In typical Nintendo fashion, there are a ton of ways to play. Exhibition and Tournament modes include no-frills, straightforward tennis matches alongside the much better Gimmick Courts. These wacky, themed variants throw interesting kinks in the normal equation with moving or disappearing ground sections, objects obscuring the path of the ball or other fun, weird obstacles. Item Battles can be played as well, which function just like normal matches but with boxes sprouting up every so often that toss out classic Mario-themed items like shells and mushrooms to screw with the players. Ring Shot is less exciting, simply requiring you to hit the ball through more giant rings than the other guy. These interesting options are buffed out by a bunch of Special games, which let you do weird things like smash balls to paint a giant Mario face or piss off oversized Chain Chomps.
[image4]The odd courts and strange game types really give Mario Power Tennis its legs, so to speak, and toss a nice amount of arcade flair into what is otherwise a pretty simple game. It works especially well as a multiplayer game, although things can get confusing quickly on the Gimmick Courts with four players at once. Hope you’re not prone to seizures.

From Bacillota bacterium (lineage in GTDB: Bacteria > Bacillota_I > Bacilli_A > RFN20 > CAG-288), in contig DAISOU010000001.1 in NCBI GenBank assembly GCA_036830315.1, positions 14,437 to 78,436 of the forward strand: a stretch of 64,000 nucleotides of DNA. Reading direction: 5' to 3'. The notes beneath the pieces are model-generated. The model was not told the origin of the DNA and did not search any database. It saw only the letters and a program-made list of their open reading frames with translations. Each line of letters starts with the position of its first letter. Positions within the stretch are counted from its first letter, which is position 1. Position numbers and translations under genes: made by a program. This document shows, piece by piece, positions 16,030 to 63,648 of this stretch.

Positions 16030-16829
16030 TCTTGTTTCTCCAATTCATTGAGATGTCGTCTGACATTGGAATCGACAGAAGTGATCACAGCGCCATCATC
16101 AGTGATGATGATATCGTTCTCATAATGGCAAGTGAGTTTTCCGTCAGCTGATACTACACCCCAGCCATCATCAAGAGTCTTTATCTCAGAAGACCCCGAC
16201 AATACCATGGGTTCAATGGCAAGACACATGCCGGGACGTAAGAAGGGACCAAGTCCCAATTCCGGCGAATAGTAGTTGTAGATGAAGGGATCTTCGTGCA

While there’s depth to be found exploring the many modes and stuff to unlock by beating the Tournaments, it all feels a bit light since you can’t customize the players at all. You can get a slightly stronger Star version of each, but the game would have greatly benefited from the ability to gain new shots or tweak stats a little. As it is, you’ll discover the ins and outs of the characters within the first couple hours.
Over that time, you’ll also notice that the default difficulty setting is way too easy. You’ll breeze through the first batch of tournaments rarely losing a point. The difficulty spikes pretty sharply as you near the final match of the final tournament; I got served (hahaha!) by Boo for about two solid hours until I finally beat the bastard. Eventually you’ll unlock harder settings, which are essential if you want to maximize the game’s somewhat limited shelf life.
Nintendo is synonymous with quality releases, and Mario Power Tennis is no exception. The graphics are colorful, the action is fast and the framerate is silky smooth, although none of it is very complex. Typical voices pop up from time to time to add some character. Mario sounds more Italian than ever, a fact that surely pleases the National Italian American Foundation. That’s-a spicy organization!
You have to hand it to Mario and Co. – they do what they do very well, even if they don’t exactly take big risks. Mario Power Tennis is a reliable, fun game that puts some nice, new spin on an old sport. If you can look past its limited depth, you’ll have a ball.